Filmmakers and audiences who believe that dramas are all about thud and glumness and heavy-osity and that comedies are all about froth and silliness and the sound of farts are really quite clueless. We can all be thankful that the late Harold Ramis was not among them. “I’ve always thought that comedy was just another dramatic expression,” he told Believermag‘s Eric Spitznagel in a curiously undated q & a. “I try to measure the amount of truth in a work rather than just looking at the generic distinction between comedy and drama. There’s a lot of bullshit drama out there that leaves you totally cold. And there’s a lot of wasted comedy time too. But when you get something honest, it doesn’t matter what label you give it. Look at a movie like Sideways, which is funny and still so painful. It points to the idea that life is full of ambiguity. Most people live somewhere on the spectrum of anxiety and depression.”

And this: “I can’t tell you how many people have told me, ‘When I go to the movies, I don’t want to think.’ [That] offends me as a human being. Why wouldn’t you want to think? What does that mean? Why not just shoot yourself in the fucking head? Or people’ll say that they don’t want to see any negative emotions. They don’t want to see unpleasantness. I did a comedy with Al Franken about his character Stuart Smalley, which was really about alcoholism and addiction and codependency. It had some painful stuff in it. When we showed it to focus groups, some of them actually said, ‘If I want to see a dysfunctional family, I’ll stay home.’ [Except] life is difficult, and I like movies that acknowledge that.”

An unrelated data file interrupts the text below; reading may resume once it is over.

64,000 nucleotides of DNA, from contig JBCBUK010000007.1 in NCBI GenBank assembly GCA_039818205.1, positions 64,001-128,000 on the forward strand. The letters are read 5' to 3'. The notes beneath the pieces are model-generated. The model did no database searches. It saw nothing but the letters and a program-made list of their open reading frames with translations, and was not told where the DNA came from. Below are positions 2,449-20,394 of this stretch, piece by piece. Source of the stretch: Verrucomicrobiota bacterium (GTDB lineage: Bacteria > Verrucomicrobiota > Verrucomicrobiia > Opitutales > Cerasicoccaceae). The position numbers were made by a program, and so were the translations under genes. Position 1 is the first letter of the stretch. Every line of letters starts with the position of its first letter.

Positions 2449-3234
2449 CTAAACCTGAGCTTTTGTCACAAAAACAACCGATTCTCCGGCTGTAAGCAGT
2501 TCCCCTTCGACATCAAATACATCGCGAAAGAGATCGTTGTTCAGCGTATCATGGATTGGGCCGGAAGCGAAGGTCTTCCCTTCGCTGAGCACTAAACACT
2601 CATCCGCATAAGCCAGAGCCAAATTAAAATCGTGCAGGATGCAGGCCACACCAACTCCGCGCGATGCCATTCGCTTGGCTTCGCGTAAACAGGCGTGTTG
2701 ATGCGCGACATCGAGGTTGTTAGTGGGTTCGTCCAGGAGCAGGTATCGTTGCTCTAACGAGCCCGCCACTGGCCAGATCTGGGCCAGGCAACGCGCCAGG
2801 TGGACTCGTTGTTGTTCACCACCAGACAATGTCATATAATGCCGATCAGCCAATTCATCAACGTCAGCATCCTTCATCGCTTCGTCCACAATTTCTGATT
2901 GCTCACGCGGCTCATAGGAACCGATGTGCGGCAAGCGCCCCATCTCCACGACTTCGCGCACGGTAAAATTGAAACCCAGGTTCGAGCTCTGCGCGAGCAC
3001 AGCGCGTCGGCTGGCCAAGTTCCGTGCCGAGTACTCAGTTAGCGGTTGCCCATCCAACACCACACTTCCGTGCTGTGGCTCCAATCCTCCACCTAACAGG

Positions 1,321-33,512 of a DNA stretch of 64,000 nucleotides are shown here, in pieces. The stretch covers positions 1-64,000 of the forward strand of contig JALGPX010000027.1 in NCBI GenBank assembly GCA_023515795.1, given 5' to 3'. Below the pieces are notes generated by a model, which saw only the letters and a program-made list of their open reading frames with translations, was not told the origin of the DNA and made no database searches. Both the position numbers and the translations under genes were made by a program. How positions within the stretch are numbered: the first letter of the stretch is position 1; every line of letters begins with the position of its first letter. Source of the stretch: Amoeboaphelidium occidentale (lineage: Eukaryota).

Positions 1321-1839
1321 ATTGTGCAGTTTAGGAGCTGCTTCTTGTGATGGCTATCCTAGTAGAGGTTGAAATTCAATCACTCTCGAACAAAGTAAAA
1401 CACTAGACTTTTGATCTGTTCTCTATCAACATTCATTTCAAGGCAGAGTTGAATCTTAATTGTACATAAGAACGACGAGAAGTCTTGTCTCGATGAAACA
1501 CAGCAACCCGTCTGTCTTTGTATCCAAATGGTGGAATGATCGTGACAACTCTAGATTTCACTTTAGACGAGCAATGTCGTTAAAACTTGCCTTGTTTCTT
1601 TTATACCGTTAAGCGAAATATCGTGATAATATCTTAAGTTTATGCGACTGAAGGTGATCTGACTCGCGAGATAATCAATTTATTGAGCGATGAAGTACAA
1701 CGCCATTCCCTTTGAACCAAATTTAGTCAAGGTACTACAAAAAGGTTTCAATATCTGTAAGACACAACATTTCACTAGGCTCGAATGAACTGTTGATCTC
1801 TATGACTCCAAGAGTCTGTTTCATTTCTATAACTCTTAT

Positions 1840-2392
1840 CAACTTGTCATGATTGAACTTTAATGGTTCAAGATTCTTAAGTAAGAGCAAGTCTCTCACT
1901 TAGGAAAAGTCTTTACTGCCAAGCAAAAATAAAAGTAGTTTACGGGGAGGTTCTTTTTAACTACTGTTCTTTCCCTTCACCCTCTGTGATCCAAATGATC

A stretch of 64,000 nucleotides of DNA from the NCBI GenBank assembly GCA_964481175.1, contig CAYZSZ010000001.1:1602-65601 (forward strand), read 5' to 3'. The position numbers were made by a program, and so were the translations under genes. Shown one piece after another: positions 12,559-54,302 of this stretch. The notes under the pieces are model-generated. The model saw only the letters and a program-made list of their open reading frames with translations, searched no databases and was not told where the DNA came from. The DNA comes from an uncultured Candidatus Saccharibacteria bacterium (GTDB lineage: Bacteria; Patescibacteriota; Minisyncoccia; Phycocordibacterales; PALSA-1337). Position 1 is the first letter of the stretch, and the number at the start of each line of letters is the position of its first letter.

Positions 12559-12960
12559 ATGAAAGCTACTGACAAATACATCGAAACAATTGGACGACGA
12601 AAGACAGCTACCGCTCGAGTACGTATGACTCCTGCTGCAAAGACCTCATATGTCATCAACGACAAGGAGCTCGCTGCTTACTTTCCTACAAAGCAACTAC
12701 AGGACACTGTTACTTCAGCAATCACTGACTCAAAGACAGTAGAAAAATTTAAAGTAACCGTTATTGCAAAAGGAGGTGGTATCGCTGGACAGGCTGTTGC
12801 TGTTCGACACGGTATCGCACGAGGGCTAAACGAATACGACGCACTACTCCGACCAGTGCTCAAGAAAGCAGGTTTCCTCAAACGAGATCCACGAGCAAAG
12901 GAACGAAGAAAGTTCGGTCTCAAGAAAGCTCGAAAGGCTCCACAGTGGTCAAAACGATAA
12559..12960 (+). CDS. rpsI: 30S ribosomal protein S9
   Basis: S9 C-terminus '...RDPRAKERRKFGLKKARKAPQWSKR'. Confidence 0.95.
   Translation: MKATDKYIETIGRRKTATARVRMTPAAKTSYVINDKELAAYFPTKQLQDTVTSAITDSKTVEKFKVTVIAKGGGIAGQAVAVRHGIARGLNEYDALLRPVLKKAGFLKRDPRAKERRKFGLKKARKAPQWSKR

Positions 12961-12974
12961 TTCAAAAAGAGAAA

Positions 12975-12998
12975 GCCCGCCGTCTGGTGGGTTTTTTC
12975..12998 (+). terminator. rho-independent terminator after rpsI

I heard a story in ’95 about Ramis being so upset following a test screening of (or a focus group response to) Stuart Saves His Family that he bolted out of a Paramount studios screening room, and that then-Paramount chief Sherry Lansing followed him out and chased after him into the parking lot, shouting “Harold! Harold!” I got on the phone with Ramis a bit later and Ramis’s opening remark was, “Hi, Jeff….got the hatchet out?” I felt so deflated by that comment that I bent over backwards in our conversation to be as gracious and considerate as possible. I felt enormous waves of compassion for him. My sense was that he was really hurting at that point.

In a statement issued today about Ramis’s passing, President Obama referenced a Bill Murray line in Caddyshack: “Our thoughts and prayers are with Harold’s wife, Erica, his children and grandchildren, and all those who loved him, who quote his work with abandon, and who hope that he received total consciousness.”